Asian glossy starling
Chumphon calls itself the gateway to the south of Thailand. It lies just off the Gulf of Thailand about halfway down the peninsula. It is also home to an increasingly important annual Raptor Watch in the autumn when tens of thousands of raptors, oriental honey buzzards, Japanese and Chinese sparrowhawks, black bazas and smaller numbers of eagles and other raptors can be observed on their southbound migration to warmer climes. It was my good fortune to have a few hours' birding on Friday 13th August 2010 with Chukiat Nualsri, one of the leading lights of the Raptor Watch and the Thai birding scene.
Initially we were going to head to the north of Thailand to Mae Wong in search of crested kingfisher. However "we" include a 13 month old boy and a non-birding mother and in view of the weather I thought it might be too much and possibly dangerous to inflict Mae Wong on them, especially as reports suggest that the wet season means a lot of rain and a lot of biting insects. So we decided to head south to Chumphon where there are alternatives in the event of inclement weather and adverse conditions. I dropped Chukiat an email and he was happy to show me round some of the local sites. I have to say what a blessing it is to have a local guide because I would never have found the places he took me to all of which are easily reached from the centre of Chumphon.
If you will allow me to combine starlings and mynas then this turned into a starling masterclass and I very much doubt this would have happened had I been left to my own devices. I say this because I think if I am going to be honest I would have overlooked the mynas we saw at our first stop, a field at the rear of the sports stadium. It was full of buffalos and swamphens, an intermediate egret, cattle egret and lots of mynas. Chukiat pointed me to a jungle myna and on closer observation I could see it was similar to the common myna but in fact quite distinct; no yellow facial skin, an orange bill with a bluish base, a black head and light body, yellow eyes, a very short crest.... in other words totally different! And a lifer.
Being a simple soul I would have assumed it couldn't be a jungle myna because I wasn't, errrr, in a jungle! The Thai name means "buffalo starling" so not much of a surprise to see them in a field full of buffalo! Indeed I wished I had set up my rig as I might have got a decent shot of a couple of these birds on top of a buffalo. Then a couple of white-vented mynas flew in distinguished by their dark colours and prominent crest. Of course their key diagnostic is the white vent. Fortunately the crested myna is a very rare bird......
There were at least 25 purple swamphen in the field. I don't think I have ever seen so many in one place, as common as openbills are up here in Ratchaburi. Chukiat told me he had seen a number of quite rare birds here over the years including an oriental plover earlier this year.
On our second stop we saw some lesser coucals, a white-throated kingfisher and then more starlings: firstly a couple of vinous-breasted starlings and then soon after a couple of black-collared starling, both lifers. I would have to say these latter starlings are really beautiful, very intricately coloured and that the drawings in my field guides don't really do them justice. According to Chukiat the books show them as resident all over Thailand but he reckons he is the only person to have seen them in Chumphon and he added that I can now claim to be the second birder to have seen black-collared starling there! And then two asian pied starling flew in just for good measure.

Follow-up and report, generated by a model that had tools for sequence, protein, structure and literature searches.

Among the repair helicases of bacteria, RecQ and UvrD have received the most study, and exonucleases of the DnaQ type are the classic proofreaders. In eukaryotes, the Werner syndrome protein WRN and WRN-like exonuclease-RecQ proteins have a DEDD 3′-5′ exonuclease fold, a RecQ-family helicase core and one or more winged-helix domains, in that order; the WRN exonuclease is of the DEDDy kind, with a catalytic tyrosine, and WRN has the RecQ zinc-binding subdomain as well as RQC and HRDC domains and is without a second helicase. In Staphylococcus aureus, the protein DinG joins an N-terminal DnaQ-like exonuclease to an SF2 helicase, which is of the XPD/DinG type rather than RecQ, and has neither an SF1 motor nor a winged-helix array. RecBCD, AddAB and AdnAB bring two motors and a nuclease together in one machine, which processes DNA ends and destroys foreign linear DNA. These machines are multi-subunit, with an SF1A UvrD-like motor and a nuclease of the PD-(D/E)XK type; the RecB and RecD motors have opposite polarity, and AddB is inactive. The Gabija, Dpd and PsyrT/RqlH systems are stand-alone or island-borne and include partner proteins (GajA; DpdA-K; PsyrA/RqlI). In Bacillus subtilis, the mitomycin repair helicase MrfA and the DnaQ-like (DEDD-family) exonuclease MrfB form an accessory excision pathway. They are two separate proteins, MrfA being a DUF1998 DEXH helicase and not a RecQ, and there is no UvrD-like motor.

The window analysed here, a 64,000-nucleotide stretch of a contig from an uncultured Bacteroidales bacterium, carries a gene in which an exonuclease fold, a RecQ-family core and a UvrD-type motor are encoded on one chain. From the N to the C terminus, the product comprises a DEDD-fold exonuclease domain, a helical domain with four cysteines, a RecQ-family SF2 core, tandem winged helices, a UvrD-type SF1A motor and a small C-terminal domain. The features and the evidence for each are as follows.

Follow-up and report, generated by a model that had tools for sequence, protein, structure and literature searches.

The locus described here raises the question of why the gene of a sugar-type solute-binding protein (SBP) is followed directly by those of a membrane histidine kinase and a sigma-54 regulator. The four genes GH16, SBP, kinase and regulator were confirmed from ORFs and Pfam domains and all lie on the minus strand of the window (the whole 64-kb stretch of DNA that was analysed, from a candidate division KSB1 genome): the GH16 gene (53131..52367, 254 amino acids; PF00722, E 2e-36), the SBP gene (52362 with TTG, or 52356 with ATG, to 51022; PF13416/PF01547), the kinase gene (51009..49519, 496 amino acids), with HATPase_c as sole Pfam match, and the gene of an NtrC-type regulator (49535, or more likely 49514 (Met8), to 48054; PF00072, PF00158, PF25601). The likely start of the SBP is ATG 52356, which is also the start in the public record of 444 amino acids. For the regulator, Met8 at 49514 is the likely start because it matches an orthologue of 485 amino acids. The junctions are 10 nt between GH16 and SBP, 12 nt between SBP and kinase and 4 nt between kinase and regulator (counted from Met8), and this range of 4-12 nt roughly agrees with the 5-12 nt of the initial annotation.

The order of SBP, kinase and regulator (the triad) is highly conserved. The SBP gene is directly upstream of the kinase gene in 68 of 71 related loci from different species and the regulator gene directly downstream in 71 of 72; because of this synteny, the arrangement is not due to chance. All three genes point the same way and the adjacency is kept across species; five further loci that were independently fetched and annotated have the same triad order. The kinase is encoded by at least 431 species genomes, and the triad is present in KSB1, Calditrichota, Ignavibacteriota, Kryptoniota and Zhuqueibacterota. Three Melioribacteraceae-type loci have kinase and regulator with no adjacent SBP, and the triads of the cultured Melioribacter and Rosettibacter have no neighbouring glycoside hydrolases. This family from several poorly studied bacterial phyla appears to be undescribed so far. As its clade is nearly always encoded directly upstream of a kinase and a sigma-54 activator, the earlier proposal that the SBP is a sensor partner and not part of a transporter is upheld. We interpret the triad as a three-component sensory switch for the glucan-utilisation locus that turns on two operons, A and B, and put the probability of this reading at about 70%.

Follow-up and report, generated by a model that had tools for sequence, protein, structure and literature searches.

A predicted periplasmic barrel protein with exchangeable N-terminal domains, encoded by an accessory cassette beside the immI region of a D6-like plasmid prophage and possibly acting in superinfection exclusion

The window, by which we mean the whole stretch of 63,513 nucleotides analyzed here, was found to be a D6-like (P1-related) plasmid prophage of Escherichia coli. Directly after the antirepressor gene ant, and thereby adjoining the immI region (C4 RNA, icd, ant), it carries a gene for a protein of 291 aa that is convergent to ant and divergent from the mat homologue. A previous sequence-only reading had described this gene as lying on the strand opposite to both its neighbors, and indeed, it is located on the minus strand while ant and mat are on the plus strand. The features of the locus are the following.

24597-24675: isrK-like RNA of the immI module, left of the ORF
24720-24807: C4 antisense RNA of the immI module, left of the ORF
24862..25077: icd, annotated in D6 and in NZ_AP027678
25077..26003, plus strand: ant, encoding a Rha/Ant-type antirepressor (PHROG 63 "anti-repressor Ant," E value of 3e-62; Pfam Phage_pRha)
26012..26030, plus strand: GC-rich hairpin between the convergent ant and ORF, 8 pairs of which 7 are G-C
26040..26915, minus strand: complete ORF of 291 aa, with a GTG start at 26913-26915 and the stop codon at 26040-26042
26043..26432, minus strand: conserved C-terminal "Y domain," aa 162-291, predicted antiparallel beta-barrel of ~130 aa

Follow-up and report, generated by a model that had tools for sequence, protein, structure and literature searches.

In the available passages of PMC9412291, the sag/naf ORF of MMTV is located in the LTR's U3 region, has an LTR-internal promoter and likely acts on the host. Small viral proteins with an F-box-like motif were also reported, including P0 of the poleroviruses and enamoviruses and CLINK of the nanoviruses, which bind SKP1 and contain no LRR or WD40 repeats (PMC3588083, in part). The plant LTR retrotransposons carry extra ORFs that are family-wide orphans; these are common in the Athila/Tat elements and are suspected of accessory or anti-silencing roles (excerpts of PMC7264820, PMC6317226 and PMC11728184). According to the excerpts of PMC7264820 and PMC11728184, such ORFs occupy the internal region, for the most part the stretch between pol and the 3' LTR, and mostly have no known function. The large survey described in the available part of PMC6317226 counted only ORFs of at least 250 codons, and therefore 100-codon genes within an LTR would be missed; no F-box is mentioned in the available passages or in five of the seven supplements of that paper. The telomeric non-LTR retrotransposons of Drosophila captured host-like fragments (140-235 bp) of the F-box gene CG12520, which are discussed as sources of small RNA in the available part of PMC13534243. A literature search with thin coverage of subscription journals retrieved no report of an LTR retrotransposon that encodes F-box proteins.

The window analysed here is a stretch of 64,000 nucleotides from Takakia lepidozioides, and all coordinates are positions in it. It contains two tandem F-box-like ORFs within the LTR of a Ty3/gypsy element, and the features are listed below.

We then had a short drive along the coast near Chumphon which yielded a Malaysian plover, a curlew, a few sand plovers, pacific reef egret, (dark morph), little heron and a fair few common sandpipers. These latter fellows must be recent arrivals. We then went to a local school in Chumphon to see asian glossy starling, one of my favourite birds, and while there a jungle myna popped up to say hello. I got my digiscope rig out and managed to catch a couple of shots. Not bad, seven sturnidae in a morning. Thanks to Chukiat for a fascinating morning.
On Saturday Luna, Benedict & I drove out to Mo Kho Chumphon National Park where we had a pleasant walk in the new mangrove walkway. It didn't yield many birds, a beautiful mangrove whistler, a lifer, collared kingfisher,a little heron and an unidentified little one, maybe an olive backed sunbird.
The mangrove walkway next to the park headquarters has been completed recently and I have to say it will be difficult to find a better mangrove walkway in Thailand. It covers a considerable area on both sides of a river, connected by a bridge. We were able to wheel a baby buggy around it without too much difficulty though I think it would be impractical for a wheelchair. Great facilities including usable (clean!) toilets, a restaurant and very helpful and friendly staff. In a different season at a different time this mangrove may yield some very good birds. Definitely recommended and I'd be interested to hear reports from other visitors.